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Relocation Camps
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100th Battalion
442nd Regimental Combat Team

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After the attack on Pearl Harbor, many Japanese-Americans in the armed forces were discharged because the Government was unsure of their loyalty. Those who remained had menial jobs such as cleaning and building.

However, in light of their hard work and dedication, General Delos C. Emmons of the Hawaiifian Army created a special Japanese-American battalion which became known as the 100th Battalion.

In June of 1942 the 1300 soldiers and 29 officers of the 100th Battalion came to the mainland to begin training. Even though most of the soldiers had already done these tests, they did not want to give the Army any reason to send them back.

Not only was the battalionfs performance exemplary, but five soldiers also received medals for saving the lives of several local residents who almost drowned in a frozen lake.

The 100th Battalion was still thought of as gthe guinea pigs from Pearl Harbor.h All of the officers were haole (Hawaii' ian for white), and most were there to observe the Japanese-American soldiers.

However, the draft was eventually opened to all Japanese-Americans because of the because of the 100th excellent training record. President Roosevelt announced the formation of the 442nd Regimental Combat Team on February 1, 1943, with the words, gAmericanism is not, and never was, a mater of race or ancestry.h

Finally, on August 11, 1943, the 100th Battalion left for Oran, North Africa. Although the battalion was initially supposed to be guarding supply trains, Colonel Farrant L. Turner insisted that the 100th be committed to combat.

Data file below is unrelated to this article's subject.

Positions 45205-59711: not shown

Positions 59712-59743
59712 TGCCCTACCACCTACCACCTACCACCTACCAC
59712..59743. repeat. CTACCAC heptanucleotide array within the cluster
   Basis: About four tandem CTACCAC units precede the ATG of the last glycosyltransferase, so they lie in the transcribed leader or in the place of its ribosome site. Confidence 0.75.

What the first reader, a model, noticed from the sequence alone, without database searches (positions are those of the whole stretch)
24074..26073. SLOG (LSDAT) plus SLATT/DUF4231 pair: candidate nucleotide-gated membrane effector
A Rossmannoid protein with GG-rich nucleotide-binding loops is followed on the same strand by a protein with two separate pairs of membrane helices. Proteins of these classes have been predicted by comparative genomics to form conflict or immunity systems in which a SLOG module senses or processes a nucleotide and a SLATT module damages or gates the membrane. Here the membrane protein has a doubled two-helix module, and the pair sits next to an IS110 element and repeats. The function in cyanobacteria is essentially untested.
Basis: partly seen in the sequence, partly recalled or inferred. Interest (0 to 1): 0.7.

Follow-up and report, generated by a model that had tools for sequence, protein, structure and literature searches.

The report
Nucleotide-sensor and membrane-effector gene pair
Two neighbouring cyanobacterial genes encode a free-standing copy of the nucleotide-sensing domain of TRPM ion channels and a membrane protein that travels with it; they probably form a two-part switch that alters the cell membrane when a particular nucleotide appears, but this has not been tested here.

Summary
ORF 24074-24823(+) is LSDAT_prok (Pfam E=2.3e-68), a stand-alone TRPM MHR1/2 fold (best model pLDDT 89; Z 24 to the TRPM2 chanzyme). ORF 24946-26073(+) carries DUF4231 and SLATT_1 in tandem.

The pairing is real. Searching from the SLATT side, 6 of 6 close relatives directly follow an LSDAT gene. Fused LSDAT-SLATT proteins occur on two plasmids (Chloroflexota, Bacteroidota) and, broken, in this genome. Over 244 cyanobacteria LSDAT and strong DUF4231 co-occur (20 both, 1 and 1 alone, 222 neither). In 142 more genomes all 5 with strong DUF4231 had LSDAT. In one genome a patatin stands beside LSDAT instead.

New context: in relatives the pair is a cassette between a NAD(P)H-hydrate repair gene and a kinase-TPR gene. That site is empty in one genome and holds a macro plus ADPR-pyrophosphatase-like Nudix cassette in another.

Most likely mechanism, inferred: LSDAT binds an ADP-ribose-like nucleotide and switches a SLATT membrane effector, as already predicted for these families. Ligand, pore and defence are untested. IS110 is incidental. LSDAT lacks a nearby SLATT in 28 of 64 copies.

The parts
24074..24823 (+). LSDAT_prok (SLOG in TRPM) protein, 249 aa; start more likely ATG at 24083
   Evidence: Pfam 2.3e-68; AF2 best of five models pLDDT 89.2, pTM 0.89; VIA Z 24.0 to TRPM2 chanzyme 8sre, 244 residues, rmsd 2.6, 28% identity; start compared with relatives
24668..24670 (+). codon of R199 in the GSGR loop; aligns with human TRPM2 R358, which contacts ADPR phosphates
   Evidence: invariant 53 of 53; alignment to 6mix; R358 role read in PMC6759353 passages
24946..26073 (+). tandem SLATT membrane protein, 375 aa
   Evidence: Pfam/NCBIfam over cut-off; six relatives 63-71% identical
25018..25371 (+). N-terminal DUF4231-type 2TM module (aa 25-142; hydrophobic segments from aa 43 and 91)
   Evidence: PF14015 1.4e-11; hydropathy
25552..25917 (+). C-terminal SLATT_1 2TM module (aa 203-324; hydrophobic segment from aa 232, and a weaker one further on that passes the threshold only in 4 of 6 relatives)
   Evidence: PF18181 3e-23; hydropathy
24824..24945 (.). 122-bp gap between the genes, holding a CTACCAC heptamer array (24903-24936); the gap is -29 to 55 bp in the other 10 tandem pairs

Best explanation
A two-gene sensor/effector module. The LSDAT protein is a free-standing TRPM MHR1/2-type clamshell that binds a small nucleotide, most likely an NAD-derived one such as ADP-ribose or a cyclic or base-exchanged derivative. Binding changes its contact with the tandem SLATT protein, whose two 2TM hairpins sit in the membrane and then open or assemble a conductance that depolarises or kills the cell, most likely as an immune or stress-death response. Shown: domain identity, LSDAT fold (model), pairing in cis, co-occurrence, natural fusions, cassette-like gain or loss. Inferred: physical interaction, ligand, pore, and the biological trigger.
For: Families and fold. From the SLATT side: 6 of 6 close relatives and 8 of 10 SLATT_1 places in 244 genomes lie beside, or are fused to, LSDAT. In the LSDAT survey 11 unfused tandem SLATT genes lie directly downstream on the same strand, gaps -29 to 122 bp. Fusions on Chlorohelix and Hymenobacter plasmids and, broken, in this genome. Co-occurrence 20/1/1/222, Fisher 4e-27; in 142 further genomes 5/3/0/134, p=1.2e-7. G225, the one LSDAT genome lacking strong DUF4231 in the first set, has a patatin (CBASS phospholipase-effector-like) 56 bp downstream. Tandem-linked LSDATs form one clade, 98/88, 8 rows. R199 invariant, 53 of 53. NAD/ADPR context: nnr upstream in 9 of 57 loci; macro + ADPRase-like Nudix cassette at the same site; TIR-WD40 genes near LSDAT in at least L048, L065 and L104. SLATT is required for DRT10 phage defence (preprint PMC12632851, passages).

The 100th banded with the 34th gRed Bullh Division, and left for Salerno, Italy. Here, the 100th led the advance on Monte Milleto. In the first week of combat (September 28 ~ October 4) the 100th lost 3 men killed in action (KIA), 23 wounded in action (WIA),and 13 injured in action.

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The 100th had started its path toward becoming the gPurple Heart Battalionh; A name given because so many of the soldiers were killed or wounded in action. Their own motto was gGo For Broke.h

On January 24, 1944, the 100th was put back on the front line. They made several efforts to take Monte Casino and almost took it in one day. However, they had to withdraw because of serious losses and shortage of materials.

Five fresh divisions, along with aerial attacks, were finally required to take Casino. The 34th Division with the 100th Battalion almost took it alone.

The 100th was joined with the 442nd RCT in June 1944. Both went on to fight many battles, and despite high casualty rates, they both had few desertions. In two years of fighting, they became the most decorated units in US military history.

Out of the more than 16,000 Nisei who served in the war a total of 700 soldiers were killed and 9,500 Purple Hearts were awarded. Perhaps the 100th Battalion and 442nd RCT were most notable perhaps because they fought and won two wars: one overseas, and one at home.


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